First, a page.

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Channel struggles to deal with legal threat

Channel struggles to deal with legal threat

Despite massive investments of time, money and training resources, the channel is still battling to avoid the negative practical and legal ramifications likely to result from the Y2K issue.

And finding support to meet that goal is no simple task.

"It's not easy as a reseller to get help," David Ford, managing director of Manning Computers & Technology, said last week.

"People have said that if anyone wanted to sue me for not meeting Y2K compliance, I wouldn't have a leg to stand on and that's the scary thing.

"I'm supposed to be giving my customers the right information but there is nobody out there saying what you should do or where you should go for the resources you need."

As a leading reseller in the north-eastern region of NSW, Ford claims to have spent a "considerable amount" just getting the legal advice required to provide adequate contracts to his customers and suppliers.

Further investments of time and money have also been made to ensure internal Y2K compliance and to develop and implement business processes minimising the risks for customers and Manning Computers itself.

"We've solicited help from government sites, but they didn't have the information required so we've had to spend a lot of man hours finding resources and tailoring them," Ford said. "But to put that all together is a hard thing to do."

One of the key processes Manning Computers has adopted is that staff must have all Y2K guarantees to customers approved by management beforehand. Those approvals will only be forthcoming if they can be backed up by the written literature of a supplier.

Similar staff practices have also been embraced by major local integrators like Senteq Information Systems and ComTech and, just as importantly, the message is getting through to the grass roots of the channel as well.

Jim Willis, director of Canberra-based reseller Approved Systems, said it is now embedded in his company's quality control procedures to check all quotes for possible Y2K concerns including "any statements that over-enthusiastic sales reps might have made".

But the crucial program Approved Systems - like most resellers and integrators - has established is a stated refusal to pass on any guarantees of compliance for onsold products except those provided by suppliers.

However, there are other legal aspects for value-added resellers and system integrators to worry about, according to Tim Hughes, technology lawyer at Gilbert & Tobin.

While emphasising the legal complexity of the issue, Hughes told ARN there are three components of Y2K performance for which the channel may be liable: the hardware or software being resold; the value-add or customisation by the reseller; and the integration of those two elements in the customer's existing operating environment.

Hughes advises his clients to address each element independently in their Y2K compliance documentation for customers, rather than providing one all-encompassing statement.

He also recommends that clients' contracts exempt them from being held liable for their customers' "consequential losses" from the Y2K problem - such as loss of profits or loss of data.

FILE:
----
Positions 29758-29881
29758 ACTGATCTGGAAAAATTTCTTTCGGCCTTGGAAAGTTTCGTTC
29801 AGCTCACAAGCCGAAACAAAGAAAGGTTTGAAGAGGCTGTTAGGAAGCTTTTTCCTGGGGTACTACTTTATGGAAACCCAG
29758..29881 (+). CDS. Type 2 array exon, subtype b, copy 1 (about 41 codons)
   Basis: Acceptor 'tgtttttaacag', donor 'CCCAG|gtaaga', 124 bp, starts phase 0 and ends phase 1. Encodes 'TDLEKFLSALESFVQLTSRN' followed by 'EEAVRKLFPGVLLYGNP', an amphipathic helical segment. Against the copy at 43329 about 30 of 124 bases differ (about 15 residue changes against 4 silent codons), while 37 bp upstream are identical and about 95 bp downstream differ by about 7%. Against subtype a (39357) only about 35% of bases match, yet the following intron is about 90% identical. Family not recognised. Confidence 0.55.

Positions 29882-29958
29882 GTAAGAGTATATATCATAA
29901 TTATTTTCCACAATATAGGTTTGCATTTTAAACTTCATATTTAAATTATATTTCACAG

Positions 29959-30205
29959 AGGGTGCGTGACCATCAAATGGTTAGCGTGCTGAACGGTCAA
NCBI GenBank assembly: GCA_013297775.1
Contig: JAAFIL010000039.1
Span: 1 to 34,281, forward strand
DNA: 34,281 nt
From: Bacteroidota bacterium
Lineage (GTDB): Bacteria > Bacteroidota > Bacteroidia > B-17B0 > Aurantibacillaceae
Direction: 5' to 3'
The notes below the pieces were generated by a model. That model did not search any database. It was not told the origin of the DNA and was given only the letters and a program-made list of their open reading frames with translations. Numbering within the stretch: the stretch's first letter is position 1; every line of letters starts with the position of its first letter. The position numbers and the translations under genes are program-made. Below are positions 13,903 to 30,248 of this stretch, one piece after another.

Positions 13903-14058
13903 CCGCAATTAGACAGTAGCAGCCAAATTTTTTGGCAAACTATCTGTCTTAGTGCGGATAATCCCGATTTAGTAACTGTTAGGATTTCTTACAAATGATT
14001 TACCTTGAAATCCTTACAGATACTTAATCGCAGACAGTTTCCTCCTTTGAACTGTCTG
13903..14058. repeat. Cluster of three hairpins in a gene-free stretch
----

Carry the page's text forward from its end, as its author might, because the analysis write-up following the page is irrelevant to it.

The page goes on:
However, because Australian law does not recognise consequential losses, the exemptions need to be specified.

But the channel is still at risk of being held liable for "direct damages", which may include lost production if a system brings down a network and may also cover issues such as damage to tangible property - for example, the cost of setting up a temporary replacement network.

Section 52 of the Trade Practices Act (TPA) also presents a potential legal landmine for the channel. It states that "a corporation shall not, in trade or commerce, engage in conduct that is misleading or deceptive or is likely to mislead".

Although untested in relation to the Y2K issue, it cannot be excluded by contract.

According to Hughes, the only thing that VARs and systems integrators can do is to minimise the ability of the customer to claim reliance on any representations made.

He warns that issuing a disclaimer is not an absolute defence for the TPA clause.

Consistent statement

So the key is to ensure that throughout the entire sales process, a consistent statement of Y2K compliance is maintained.

ComTech has utilised its strength in education to train staff to deliver that consistency to customers, but it's a long process, according to Andrew Coulsen, the group's chief financial officer.

"One of the things we've had to do across the whole business is to make sure our staff understand what ComTech can and can't do [in relation to guaranteeing Y2K compliance] and that's been an education process," he said. "It's not a hard message, but we've had to work on developing a fairly comprehensive set of rules across the business and there's no question that's been a significant investment for us.

"But if it only makes one customer happier with ComTech and our service, it's been worthwhile."

And that seems to be the attitude of the channel in general - the measures employed to address the Y2K issue may simply reduce the backlash from customers, rather than avoid it.

"At the end of the day, all of us in the supply chain have to work to minimise the problems for customers," Greg Austin, Senteq's marketing director, said.


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